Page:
Top United Nations officials have underscored the importance of security sector reform, which they say could mean the difference between peace and conflict, and between life and death.
“Security sector reform is key to sustaining peace,” Miroslav Lajčák, the President of the General Assembly, said Monday at a high-level roundtable on the subject.
“Security actors have many powerful tools at their disposal. This goes beyond guns and handcuffs. Instead, they hold the tools which can pull societies back from the brink of conflict.”
Mr. Lajčák, however, added that their roles can also be negative. In some cases they can be politicized; widen divisions, stoke fears and tensions; and they can abuse their positions, to target and persecute one group or one community.
He went on to elaborate that with effectiveness, accountability, professionalism as well as proper governance, security sector is more likely to promote sustaining peace.
To make sure that security sectors drive peace, the President of the General Assembly underscored that the security sector reform process needs to have national ownership as well as regional engagement.
Equally important is the participation of women, he added, noting also the importance of sufficient resources, and coherence and coordination among the actors involved.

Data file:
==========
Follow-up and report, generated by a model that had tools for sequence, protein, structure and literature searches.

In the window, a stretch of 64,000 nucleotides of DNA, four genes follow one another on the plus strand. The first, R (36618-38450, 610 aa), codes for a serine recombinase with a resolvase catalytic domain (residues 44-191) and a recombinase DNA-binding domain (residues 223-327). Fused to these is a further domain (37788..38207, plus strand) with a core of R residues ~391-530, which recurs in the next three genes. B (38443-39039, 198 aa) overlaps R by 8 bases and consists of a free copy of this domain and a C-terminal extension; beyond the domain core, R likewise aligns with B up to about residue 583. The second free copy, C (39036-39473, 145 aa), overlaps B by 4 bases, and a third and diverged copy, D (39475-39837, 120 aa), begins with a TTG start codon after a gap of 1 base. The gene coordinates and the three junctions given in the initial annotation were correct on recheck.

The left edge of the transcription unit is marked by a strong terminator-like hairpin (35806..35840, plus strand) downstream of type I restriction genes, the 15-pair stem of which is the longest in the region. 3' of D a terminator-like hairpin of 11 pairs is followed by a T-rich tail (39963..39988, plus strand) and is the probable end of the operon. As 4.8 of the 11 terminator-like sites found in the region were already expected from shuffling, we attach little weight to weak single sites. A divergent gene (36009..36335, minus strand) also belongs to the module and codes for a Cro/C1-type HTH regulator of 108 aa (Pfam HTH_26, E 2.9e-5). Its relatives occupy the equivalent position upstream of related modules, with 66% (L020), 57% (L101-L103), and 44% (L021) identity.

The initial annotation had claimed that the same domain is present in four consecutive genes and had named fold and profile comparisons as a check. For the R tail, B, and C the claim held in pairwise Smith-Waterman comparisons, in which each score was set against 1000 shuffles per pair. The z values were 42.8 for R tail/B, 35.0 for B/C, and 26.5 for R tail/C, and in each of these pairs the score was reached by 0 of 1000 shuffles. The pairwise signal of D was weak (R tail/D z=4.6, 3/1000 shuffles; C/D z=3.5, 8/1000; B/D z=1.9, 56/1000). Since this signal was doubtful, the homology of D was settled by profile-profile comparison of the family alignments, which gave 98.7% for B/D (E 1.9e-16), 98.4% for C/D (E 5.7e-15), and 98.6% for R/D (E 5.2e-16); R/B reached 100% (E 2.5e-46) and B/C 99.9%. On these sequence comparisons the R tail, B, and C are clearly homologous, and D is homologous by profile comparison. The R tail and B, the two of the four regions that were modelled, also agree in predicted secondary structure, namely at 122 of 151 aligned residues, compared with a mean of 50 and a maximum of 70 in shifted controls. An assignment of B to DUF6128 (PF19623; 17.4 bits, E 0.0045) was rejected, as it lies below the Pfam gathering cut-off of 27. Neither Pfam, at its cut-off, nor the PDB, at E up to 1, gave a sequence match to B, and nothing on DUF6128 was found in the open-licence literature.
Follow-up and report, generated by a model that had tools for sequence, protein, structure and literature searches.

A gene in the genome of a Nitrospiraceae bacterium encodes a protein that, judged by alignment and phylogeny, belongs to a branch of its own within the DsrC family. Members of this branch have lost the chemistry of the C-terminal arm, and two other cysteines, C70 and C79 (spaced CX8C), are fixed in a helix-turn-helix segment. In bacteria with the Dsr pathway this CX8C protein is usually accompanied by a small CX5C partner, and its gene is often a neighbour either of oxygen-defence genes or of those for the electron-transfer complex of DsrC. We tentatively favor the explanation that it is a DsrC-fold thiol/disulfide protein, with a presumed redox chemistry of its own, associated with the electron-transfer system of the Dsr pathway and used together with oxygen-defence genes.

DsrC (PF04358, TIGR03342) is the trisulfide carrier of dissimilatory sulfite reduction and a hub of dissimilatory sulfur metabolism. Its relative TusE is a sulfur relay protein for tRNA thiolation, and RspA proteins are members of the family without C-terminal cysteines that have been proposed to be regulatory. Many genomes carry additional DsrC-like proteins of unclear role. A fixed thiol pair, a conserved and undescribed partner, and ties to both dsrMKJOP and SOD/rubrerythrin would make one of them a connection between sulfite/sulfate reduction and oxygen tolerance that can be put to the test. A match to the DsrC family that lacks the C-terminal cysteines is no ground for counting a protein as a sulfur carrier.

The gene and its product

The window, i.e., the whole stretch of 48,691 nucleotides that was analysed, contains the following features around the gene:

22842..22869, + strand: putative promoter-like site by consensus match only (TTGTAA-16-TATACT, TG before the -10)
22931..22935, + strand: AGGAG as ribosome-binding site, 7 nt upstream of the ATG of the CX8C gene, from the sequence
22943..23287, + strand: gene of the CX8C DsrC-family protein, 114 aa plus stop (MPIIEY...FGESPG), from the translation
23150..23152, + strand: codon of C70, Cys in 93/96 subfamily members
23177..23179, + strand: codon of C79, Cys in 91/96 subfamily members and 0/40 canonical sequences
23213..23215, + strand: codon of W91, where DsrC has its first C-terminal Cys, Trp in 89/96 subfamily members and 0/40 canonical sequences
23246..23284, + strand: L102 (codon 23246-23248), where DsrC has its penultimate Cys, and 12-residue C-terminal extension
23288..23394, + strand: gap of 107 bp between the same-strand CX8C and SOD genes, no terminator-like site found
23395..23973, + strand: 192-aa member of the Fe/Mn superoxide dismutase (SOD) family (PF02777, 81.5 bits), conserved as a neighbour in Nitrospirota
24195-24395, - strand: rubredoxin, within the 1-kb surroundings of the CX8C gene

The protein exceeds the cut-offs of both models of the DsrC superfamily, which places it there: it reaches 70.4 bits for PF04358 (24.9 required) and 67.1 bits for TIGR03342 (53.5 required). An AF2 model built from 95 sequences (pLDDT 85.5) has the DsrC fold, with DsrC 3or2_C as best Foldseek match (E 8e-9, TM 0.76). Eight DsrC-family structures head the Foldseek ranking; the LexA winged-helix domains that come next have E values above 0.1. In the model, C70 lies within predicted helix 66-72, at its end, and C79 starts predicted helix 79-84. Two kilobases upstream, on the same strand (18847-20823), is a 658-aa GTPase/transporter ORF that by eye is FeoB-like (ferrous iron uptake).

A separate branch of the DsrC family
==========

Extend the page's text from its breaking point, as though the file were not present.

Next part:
Today’s event comes on the eve of the two-day High-Level Meeting on Peacebuilding and Sustaining Peace that the Assembly President will convene on Tuesday and Wednesday to assess efforts undertaken and opportunities to strengthen the UN’s work in this area.
At its heart SSR is about ensuring safety and enabling women, men and children to live their lives free from fear — Deputy Secretary-General Amina J. Mohammed
Speaking alongside Mr. Lajčák, Amina J. Mohammed, the UN Deputy Secretary-General, also underscored the importance of security sector reform for delivering on the 2030 Agenda for Sustainable Development as well as other global commitments
Security sector reform figures prominently in the Sustainable Development Goals (SDGs), and in particular Goal 16 on promoting peaceful and inclusive societies and effective, accountable and inclusive institutions. Strengthening of the security sector is also part of Goal 2 of the New Deal for Engagement in Fragile States.
“In short, security sector reform is a core element of prevention and sustaining peace agenda,” said Ms. Mohammed, noting that in developing countries and countries emerging from conflict, it is both essential as well as a difficult process to manage.
“At its heart SSR is about ensuring safety and enabling women, men and children to live their lives free from fear,” she underscored.
In her remarks, the UN deputy chief also said that addressing challenges related to security sector reform during peace processes contributes to stabilization efforts, as well as highlighted its importance as a preventive measure.